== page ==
The US housing market was ‘at the core’ when the 2007-2009 financial crisis erupted and although the last few months have indicated ‘the sector is on the mend’, Federal Reserve Chairman Ben Bernanke has said recently that the latter is nonetheless, ‘far from being out of the woods’‘Although there are good reasons to be encouraged by the recent direction of the housing market, we should not be satisfied with the progress we have seen so far’, he said during his speech at the Operation HOPE Global Financial Dignity Summit. Bernanke argued that the ‘overly tight lending standards’ is one factor that is contributing to this consistent instability.
While acknowledging that these tight lending standards were ‘an appropriate response’ when the housing bubble erupted, it ‘seems likely at this point that the pendulum has swung too far the other way, and that overly tight lending standards may now be preventing creditworthy borrowers from buying homes, thereby slowing the revival in housing and impeding the economic recovery’.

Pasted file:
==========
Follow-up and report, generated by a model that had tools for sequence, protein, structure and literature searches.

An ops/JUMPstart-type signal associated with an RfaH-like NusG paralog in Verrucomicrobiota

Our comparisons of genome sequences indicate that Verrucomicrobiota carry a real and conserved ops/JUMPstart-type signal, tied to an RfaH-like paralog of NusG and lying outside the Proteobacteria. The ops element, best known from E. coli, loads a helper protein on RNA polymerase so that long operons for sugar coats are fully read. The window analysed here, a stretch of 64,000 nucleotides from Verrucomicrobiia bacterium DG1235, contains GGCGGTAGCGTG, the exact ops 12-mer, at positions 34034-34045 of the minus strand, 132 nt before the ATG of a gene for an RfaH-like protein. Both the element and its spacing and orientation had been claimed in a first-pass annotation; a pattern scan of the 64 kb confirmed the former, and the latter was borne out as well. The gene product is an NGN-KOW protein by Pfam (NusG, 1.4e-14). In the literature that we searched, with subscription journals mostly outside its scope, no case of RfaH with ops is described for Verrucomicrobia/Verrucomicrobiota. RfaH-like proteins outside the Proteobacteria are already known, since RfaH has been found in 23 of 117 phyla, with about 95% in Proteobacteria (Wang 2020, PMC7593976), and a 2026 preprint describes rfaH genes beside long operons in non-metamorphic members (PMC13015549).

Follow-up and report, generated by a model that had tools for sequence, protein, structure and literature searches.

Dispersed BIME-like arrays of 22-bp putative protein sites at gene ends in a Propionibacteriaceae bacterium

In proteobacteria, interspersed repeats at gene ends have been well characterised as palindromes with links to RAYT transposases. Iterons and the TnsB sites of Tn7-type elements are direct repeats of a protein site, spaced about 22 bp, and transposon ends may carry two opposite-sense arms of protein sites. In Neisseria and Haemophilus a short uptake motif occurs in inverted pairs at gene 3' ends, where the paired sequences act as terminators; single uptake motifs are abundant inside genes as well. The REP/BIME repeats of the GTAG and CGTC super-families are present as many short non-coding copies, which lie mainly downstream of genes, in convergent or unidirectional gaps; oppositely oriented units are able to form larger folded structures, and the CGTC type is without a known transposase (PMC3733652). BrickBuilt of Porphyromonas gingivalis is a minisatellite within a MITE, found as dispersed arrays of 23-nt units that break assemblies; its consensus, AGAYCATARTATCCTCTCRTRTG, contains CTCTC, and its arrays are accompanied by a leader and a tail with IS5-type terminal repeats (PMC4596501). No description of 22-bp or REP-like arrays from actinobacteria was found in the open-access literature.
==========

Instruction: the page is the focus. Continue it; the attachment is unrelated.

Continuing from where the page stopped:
Bernanke has affirmed that the Fed will not stop supporting the housing market, however, he ‘avoided policy specifics’. What he did say was that Americans are still anxious ‘over the labour market, housing process, and the economy in general’ which leads to them postponing the buying of property.
‘For the first time in a number of years, the housing sector is improving, adding to growth and jobs’ Bernanke added, ‘but the housing revival still faces significant obstacles, and the benefits of that revival remain quite uneven’.
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